The US Court of Appeals for the 10th Circuit, in affirming a
district court ruling, reaffirmed the availability of trade dress
protection for colors, but reiterated that a plaintiff must show
that its color trade dress is inherently distinctive or has
acquired secondary meaning to become distinctive. Forney
Industries, Inc. v. Daco of Missouri, Inc., Case No. 15-1226
(10th Cir., Aug. 29, 2016) (Hartz, J).
Forney, a manufacturer of metalworking parts, sold numerous
products for decades in packaging that contains a color combination
of red, yellow, white and black. Forney sued Daco, dba KDAR, for
infringement of its unregistered color trade dress. KDAR's
packages also included a color scheme of red, yellow, white and
black in connection with a flame design. After the district court
granted summary judgment to KDAR on the grounds that Forney had
failed to show either inherent distinctiveness or acquired
distinctiveness, Forney appealed.
The 10th Circuit agreed with the district court that
Forney's color mark was not described clearly enough to
determine which particular trade dress features were being claimed
as comprising the protected mark, and that Forney's color
scheme was not tied to any unique features such as a pattern,
design or shape—the only way that a color mark can achieve
inherent distinctiveness. The Court emphasized that even though the
four colors were used for decades on Foley's packaging, the
layout and color arrangement had been so erratic over the years
that the Court could not discern any identifiable pattern that
could be ascertained as Foley's trade dress. The Court queried
whether Foley's description of its mark in the pleadings
"would [even] satisfy the articulation requirement for a
protectable mark," and concluded that Foley failed to
establish inherent distinctiveness in its mark.
Forney did not provide direct survey evidence of acquired
distinctiveness, and its indirect evidence fell short. Foley's
proof of continuous and exclusive use consisted mainly of a
"conclusory" declaration by Forney's CEO that the
four colors had been used for 25 years on product packaging, that a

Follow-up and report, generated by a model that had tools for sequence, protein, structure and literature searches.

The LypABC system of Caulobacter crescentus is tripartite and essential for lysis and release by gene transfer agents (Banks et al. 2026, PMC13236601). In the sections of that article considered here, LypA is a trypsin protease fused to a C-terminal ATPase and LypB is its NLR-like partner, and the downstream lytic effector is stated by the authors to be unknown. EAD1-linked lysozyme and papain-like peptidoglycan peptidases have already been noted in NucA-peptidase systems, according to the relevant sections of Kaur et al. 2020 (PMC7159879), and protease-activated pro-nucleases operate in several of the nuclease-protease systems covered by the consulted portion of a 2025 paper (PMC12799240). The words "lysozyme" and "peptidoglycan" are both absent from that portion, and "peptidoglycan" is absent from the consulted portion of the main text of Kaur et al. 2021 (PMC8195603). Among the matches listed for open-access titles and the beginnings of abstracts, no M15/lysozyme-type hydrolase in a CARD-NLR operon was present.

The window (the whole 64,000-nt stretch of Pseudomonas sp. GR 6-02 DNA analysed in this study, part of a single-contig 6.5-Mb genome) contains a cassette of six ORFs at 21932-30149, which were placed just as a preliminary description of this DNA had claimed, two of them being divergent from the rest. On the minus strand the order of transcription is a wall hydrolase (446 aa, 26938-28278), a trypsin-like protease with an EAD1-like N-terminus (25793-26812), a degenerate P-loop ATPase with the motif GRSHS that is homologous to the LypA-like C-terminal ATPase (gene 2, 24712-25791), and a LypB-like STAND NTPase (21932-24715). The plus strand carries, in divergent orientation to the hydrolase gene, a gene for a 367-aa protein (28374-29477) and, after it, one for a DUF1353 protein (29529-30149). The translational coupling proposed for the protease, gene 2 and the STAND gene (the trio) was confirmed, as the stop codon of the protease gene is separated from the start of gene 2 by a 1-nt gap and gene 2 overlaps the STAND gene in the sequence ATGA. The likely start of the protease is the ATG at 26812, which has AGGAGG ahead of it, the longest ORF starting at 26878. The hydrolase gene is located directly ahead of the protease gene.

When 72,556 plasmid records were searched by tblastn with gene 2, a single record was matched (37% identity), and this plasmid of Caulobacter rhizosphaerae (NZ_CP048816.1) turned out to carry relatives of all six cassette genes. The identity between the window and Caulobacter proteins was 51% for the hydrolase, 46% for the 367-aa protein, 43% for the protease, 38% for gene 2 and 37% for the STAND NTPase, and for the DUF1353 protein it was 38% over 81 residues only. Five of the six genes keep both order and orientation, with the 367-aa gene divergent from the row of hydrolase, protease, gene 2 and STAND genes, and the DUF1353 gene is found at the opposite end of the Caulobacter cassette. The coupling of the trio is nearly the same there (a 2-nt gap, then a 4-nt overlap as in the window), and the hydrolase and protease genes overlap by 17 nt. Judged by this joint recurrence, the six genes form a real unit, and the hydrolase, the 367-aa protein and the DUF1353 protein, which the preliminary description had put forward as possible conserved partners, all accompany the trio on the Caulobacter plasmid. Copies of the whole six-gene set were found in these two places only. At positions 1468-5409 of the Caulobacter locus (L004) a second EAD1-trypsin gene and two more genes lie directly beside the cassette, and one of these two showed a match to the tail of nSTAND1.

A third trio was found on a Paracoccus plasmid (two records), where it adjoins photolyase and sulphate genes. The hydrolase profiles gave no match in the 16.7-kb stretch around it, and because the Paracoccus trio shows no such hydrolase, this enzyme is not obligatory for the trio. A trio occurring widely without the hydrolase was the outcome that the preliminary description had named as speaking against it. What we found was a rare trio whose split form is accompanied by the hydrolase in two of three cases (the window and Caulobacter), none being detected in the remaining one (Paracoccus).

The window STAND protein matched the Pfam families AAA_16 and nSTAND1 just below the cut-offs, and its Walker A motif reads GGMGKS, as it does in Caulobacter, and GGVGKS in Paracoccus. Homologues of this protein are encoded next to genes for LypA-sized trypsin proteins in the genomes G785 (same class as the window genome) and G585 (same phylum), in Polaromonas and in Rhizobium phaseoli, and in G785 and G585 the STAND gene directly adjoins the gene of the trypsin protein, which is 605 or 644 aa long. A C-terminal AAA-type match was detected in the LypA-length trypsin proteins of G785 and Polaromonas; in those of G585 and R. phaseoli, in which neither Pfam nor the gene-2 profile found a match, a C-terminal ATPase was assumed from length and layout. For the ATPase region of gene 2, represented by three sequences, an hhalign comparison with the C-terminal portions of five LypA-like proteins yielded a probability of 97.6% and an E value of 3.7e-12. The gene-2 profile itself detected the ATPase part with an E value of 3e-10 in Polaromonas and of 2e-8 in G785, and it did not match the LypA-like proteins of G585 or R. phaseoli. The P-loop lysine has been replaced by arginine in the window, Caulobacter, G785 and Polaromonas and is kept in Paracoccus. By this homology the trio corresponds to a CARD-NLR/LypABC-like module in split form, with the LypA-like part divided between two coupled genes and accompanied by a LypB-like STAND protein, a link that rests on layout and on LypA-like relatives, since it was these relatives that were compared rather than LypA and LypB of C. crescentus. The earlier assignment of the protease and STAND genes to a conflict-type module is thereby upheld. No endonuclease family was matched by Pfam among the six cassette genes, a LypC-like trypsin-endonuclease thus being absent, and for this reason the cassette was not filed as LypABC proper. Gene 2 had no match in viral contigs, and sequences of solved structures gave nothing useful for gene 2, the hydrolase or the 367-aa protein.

large amount of advertising money had been spent and that sales
revenues were "over half a billion dollars" during that
time frame. However, Forney did not show the most critical element
of evidence of acquired distinctiveness, which is a nexus between
the color mark itself and the advertising/sales. Without this,
there is no proof that consumers, upon seeing the packaging with
those four colors, would identify it as originating from a single
source. In addition, KDAR provided evidence of third-party
packaging that used the same colors, so it was not even clear that
Forney was the exclusive user of the claimed trade dress for its
allegations to survive summary judgment.
Practice Note: To show inherent distinctiveness
of a color mark, proprietors should try to link it to a unique
pattern, shape or design. If that is not feasible, secondary
meaning can be litigated using survey evidence or other evidence
that shows that the color mark is recognized as a source of origin
indicator or that the color(s) are touted in advertising by a
single source as a source indicator.
In Wasica Finance GmbH v. Continental Automotive Systems, Inc., No. 15-2078 (Fed. Cir. 2017), the patentee Wasica Finance discovered, among other things, the importance of using consistent terminology in the patent specification and claims.
While under attack for several years now, the patent infringement defense of laches was dealt a serious, and likely final, blow by the recent Supreme Court case of SCA Hygiene Products AB et al. v. First Quality Baby Products LLC et al.
Mintz, Levin, Cohn, Ferris, Glovsky and Popeo, P.C.
On April 6, 2017, the Federal Circuit reversed-in-part and affirmed-in-part the district court's judgment of infringement and summary judgment for non-infringement of The Medicines Company's ("MedCo") patents-in-suit.
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